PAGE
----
We wandered back to the lock gates just as the chaps had finished their work and watched the barge chug through. As it was a beautiful day we sat awhile longer, got accosted by several dogs, including one I’m sure had been bathing in the river, and I gave Kate a history lesson on the surrounding area. I’d like you all to think I’m an eminent historian, but the truth is, this beautiful little book has anecdotes dotted throughout the walk, and historical information so that you can get a real sense of the past as you walk around.

Nixon, the Cheshire prophet, is said to have been born in Whitegate in 1467. A simple ploughboy, he is credited with some extraordinary prophesies which were made when he fell into one of his regular trances. Among them, he foretold that Vale Royal Abbey would become a ravens’ nest; and it is true that in 1538 the estate was bought by the Holcrofts – whose crest was a raven!

I had now, however, reached the point where I really wish I’d brought my sandwiches with me rather than leaving them in the car for later. I also decided I’d probably need a wee soon and there were no facilities ANYWHERE, so we got up, just in time for the men to close the swing bridge as there was a flotilla coming down the river. Well ok, two narrowboats and two cruisers all needed to squash into the lock to go down river. I gazed in awe at their skills at entering the lock without hitting each other and reminisced about when I had taken the helm of a narrowboat 15 years ago and nearly got it lodged in sideways. After that it was deemed the other half would drive the boat and I would stick to opening the lock gates. Eventually we were allowed back across the river to finish our little jaunt out, crossing open fields and more woodland (which again is “heavy with the scent of bluebells in early summer”) before landing on a golf course.

Vale Royal House Apartments
“Beyond the 18th tee, the public right of way continues…” Oh good…I don’t think I’ve ever traipsed across a golf course whilst lots of people are hitting small hard balls in my general direction before. Pausing briefly to look at Vale Royal House, we ended up on a rather nice-looking housing estate. As we walked up the cul-de-sac that would take us back to the woods and onwards to where we started our walk on Vale Royal Drive, I couldn’t help but think that the houses probably cost an arm and a leg (judging by the cars in the drives) yet not one had a patch of green surrounding it. I might only have a small house and garden, but at least mine is teaming with wildlife rather than concrete.

At the cars, we ate our sandwiches and concluded that this was possibly the first time we’ve ever gone on a walk and not got lost. That’s a big tick to Tony Bowerman. I therefore tentatively suggested that maybe we should do the remaining 13 walks which are left in the book. I wouldn’t hold your breath, but if we do…you’ll be the first to know!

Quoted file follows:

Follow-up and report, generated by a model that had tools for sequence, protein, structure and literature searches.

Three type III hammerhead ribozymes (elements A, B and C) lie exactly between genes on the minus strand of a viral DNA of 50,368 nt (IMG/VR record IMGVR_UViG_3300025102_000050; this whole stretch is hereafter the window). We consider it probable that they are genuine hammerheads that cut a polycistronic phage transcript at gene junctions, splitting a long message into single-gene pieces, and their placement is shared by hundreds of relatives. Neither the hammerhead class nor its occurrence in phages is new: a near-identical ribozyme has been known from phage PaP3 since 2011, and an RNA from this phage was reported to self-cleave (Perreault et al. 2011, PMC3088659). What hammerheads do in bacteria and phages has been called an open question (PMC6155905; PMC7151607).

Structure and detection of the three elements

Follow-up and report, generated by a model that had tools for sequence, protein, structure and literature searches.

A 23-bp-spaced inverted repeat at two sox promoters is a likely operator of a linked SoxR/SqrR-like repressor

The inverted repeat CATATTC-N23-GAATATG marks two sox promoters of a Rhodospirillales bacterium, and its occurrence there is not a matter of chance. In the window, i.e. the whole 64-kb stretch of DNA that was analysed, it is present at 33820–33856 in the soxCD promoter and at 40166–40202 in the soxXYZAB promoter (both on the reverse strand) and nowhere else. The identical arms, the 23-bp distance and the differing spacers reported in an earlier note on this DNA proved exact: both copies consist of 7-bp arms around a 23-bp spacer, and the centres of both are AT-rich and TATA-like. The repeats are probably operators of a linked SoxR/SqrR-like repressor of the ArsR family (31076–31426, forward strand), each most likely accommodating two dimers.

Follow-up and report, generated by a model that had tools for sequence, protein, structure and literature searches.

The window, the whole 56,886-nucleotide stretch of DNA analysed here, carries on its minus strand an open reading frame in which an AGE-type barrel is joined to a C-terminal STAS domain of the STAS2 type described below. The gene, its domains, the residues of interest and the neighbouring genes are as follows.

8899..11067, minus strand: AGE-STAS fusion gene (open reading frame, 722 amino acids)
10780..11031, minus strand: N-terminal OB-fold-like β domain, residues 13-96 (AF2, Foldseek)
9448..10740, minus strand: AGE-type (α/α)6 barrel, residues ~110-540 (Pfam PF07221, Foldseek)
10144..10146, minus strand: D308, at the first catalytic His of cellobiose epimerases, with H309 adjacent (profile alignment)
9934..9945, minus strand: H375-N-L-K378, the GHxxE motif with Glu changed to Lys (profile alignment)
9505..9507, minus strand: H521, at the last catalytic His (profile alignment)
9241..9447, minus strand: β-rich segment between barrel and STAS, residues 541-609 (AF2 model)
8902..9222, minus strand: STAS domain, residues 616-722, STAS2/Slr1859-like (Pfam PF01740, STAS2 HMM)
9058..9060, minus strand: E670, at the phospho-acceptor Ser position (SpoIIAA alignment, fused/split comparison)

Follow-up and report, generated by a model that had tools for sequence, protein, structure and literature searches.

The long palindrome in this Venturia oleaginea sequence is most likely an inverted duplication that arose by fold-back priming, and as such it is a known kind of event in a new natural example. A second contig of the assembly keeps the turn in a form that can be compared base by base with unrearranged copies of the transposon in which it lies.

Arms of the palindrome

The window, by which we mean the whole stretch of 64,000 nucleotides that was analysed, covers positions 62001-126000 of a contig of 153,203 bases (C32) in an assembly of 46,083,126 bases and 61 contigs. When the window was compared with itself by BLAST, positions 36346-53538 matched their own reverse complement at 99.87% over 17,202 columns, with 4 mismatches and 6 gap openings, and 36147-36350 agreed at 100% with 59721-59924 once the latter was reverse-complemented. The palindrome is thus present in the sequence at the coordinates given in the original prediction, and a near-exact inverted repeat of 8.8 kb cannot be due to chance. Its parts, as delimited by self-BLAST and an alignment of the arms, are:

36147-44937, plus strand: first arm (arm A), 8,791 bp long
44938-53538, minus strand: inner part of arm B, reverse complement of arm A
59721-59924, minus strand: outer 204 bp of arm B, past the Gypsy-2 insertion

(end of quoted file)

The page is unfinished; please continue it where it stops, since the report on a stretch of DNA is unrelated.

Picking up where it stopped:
Whitegate is a quaint village in the English county of Cheshire named after the white gates which led up the Abbey. The village green is surrounded by a church, a school and a couple of thatched cottages. There is also the Grade II listed building, Whitegate House, built in the 17th century which was once an Inn called The Rifleman; it lost it’s licence in 1870 due to Lady Delamere objecting about the “unseemly behaviour of customers on the green” and thereafter became a residential property. The four bedroomed property could be yours as it is currently for sale for £515,000.00!

During the winter of 1263, the future King Edward I was caught in a storm in the Bay of Biscay, returning from a crusade in the Holy Land. He prayed to the Blessed Virgin that if he survived, he would build a convent for 100 Cistercian monks. It seems that his prayers were answered as he fought his way to shore, only to watch his ship vanish into the roaring tempest. He was one of two survivors, but his vow to found the largest Cistercian house in England had to be delayed as civil war was about to break out.

The site chosen for the Abbey was at Darnhall in nearby Delamere Forest and on the eve of Edward’s departure on a crusade, a foundation charter was issued for the monastery of St Mary, Darnhall. The chosen site proved unsuitable for Edward’s new abbey, for a start it could only house a community of 30, therefore Edward allowed the monks to find a more suitable site about 4 miles away which he would rename Vale Royal in order that no other monastery could be more royal than his.   

The foundation stone of the new abbey was laid by Edward I in 1277 in a ceremony full of pomp and splendour. Endowments of land in the surrounding area were made to support the Abbey, but Edward’s propensity for going to war put a drain on his finances for the abbey and by 1336 the church still did not possess a roof. Edward of Woodstock tried to breathe new life into the project, but by October 1360 a storm blew down the nave and following his death in 1376 royal patronage ended. Had Edward I succeeded in his desire to build the abbey it would have been on a grander scale that its more famous cousin, Fountains Abbey in Yorkshire.

During the dissolution of the monasteries by Henry VIII in 1539, the monks were removed from the Abbey and the land and building was sold to Sir John Holcroft. Most of the Abbey was demolished, although some of the monk’s quarters remain, most predominately in the cellars. Excavations in 1911 and again in 1958 established the floor plan of the original 1278 building as a cruciform design with a central tower, two smaller towers at the west end and cloisters on the south side of the nave. The high alter stood at the east end of the building and is marked by the Nun’s Grave from which a ghost is still alleged to walk from. Vale Royal Golf Club now sits on the site of the former Abbey and you can buy a 2-bedroom apartment there for circa £315,000.00.